Supermarkets Beating Pubs and Bars in the UK Alcohol War

Small and independent alcohol retailers should be concerned by a new study which found the number of failing bar and pub companies has risen by over 30 per cent.

According to accountancy firm Wilkins Kennedy, 130 bar and pub companies went bust during the third quarter of 2010, compared with 99 during the same period the previous year.

These include Gordon Ramsay’s pub, The Devonshire, which – despite £5million in funding – shut down after just three years of trading, and City of London retailer Balls Brothers who were forced to close all 19 of their pubs and bars in November.

The sector has taken a clobbering over the past 12 months with heavier taxation and new legislation that makes it easier for local residents to challenge opening hours.

The government’s Police Reform and Social Responsibility Bill, which came into force last month, is a further hindrance as it punishes bars and pubs with a £4,500 fine for serving alcohol after midnight without a proper licence.

But even more worrying, is the lack of support shown by lenders as it leaves the industry vulnerable to competition from supermarkets.

Over the past decade, Sainsbury’s have traditionally been serious paymasters to government and subsequently helped supermarkets monopolise the price of alcohol.

Supermarkets have cosied up to government ensuring that successive administrations did not implement legislation that would harm their interests and curtail the likes of Tesco, Asda and Morrisons from selling alcohol, purely as a loss leader to pull in customers; knowing they will purchase other goods.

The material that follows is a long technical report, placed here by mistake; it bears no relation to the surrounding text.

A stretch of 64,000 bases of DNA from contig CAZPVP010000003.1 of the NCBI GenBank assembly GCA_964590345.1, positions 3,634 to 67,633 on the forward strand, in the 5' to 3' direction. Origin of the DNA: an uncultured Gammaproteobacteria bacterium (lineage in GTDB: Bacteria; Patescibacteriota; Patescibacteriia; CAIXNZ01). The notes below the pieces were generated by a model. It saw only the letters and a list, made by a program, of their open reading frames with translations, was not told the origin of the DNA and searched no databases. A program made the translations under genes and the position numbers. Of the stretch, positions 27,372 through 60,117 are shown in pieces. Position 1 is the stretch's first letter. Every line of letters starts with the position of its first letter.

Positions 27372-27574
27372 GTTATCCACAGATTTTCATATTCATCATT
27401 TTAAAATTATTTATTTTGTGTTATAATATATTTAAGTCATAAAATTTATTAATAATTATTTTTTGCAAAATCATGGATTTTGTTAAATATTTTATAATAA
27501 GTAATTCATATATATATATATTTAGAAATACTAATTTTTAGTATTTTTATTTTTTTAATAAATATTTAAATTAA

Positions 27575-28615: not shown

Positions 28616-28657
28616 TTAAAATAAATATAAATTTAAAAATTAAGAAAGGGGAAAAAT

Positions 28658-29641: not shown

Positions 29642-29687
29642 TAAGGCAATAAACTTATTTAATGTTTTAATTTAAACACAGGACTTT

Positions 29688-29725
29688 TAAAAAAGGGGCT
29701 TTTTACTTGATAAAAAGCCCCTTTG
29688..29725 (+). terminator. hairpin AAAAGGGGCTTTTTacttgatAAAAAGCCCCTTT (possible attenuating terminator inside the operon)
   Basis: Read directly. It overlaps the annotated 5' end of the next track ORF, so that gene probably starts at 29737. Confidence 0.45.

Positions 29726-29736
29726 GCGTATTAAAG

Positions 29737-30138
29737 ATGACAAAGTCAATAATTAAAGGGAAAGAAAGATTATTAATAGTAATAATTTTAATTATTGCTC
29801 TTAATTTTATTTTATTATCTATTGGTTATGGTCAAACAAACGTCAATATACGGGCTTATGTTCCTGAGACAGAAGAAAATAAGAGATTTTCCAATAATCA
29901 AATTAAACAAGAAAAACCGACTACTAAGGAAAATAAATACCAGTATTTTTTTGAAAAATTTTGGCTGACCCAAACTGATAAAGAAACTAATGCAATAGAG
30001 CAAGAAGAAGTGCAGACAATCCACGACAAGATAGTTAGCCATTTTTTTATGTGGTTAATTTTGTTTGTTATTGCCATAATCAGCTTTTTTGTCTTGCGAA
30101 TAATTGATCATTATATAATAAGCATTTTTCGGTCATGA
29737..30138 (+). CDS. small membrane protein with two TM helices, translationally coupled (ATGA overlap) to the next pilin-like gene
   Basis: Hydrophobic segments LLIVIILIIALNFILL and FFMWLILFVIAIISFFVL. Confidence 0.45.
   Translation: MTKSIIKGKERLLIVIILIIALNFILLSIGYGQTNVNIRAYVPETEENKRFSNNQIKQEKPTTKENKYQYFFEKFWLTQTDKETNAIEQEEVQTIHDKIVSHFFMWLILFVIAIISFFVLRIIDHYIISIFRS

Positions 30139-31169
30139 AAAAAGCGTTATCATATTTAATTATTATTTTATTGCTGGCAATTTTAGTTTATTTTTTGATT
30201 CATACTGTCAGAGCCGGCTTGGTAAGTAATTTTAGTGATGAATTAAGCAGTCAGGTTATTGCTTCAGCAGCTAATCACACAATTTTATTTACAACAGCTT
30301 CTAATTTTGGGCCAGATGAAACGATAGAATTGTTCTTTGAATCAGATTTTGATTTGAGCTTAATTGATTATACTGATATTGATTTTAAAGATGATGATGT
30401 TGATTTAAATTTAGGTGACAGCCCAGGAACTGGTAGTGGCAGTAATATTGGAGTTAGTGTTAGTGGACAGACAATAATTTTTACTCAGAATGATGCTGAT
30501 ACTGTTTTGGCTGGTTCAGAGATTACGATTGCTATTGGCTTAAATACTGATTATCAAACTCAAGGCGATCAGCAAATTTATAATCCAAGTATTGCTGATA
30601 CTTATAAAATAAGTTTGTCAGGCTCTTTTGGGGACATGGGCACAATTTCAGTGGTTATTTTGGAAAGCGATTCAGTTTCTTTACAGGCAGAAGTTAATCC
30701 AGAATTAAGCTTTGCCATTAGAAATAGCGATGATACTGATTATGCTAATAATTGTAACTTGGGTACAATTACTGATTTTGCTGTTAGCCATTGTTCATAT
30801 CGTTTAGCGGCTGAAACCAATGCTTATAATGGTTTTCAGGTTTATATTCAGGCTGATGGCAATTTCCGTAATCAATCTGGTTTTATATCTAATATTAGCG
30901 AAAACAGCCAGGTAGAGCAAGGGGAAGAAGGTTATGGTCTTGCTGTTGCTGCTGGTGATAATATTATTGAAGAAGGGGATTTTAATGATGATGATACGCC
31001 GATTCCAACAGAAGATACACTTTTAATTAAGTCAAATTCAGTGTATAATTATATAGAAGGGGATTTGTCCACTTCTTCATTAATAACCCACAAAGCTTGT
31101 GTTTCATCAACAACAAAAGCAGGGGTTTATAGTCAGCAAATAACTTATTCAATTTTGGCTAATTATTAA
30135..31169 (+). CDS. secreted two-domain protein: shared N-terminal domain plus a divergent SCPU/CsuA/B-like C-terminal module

The sector has been weakened by the smoking ban and easy access to cut-price imported booze, but supermarkets have caused serious harm to the bar industry and convenience stores who say they can only compete by opening 24 hours a day.

Labour has Sainsbury’s and Tesco as benefactors, while former Asda chairman and MP Archie Norman has supported the Tories for over 20 years.

In contrast, smaller alcohol retailers aren’t united and don’t lobby government.

And even if they did lobby, because they’re not dropping millions into government coffers to help fight election campaigns, their petitions would fall on deaf ears.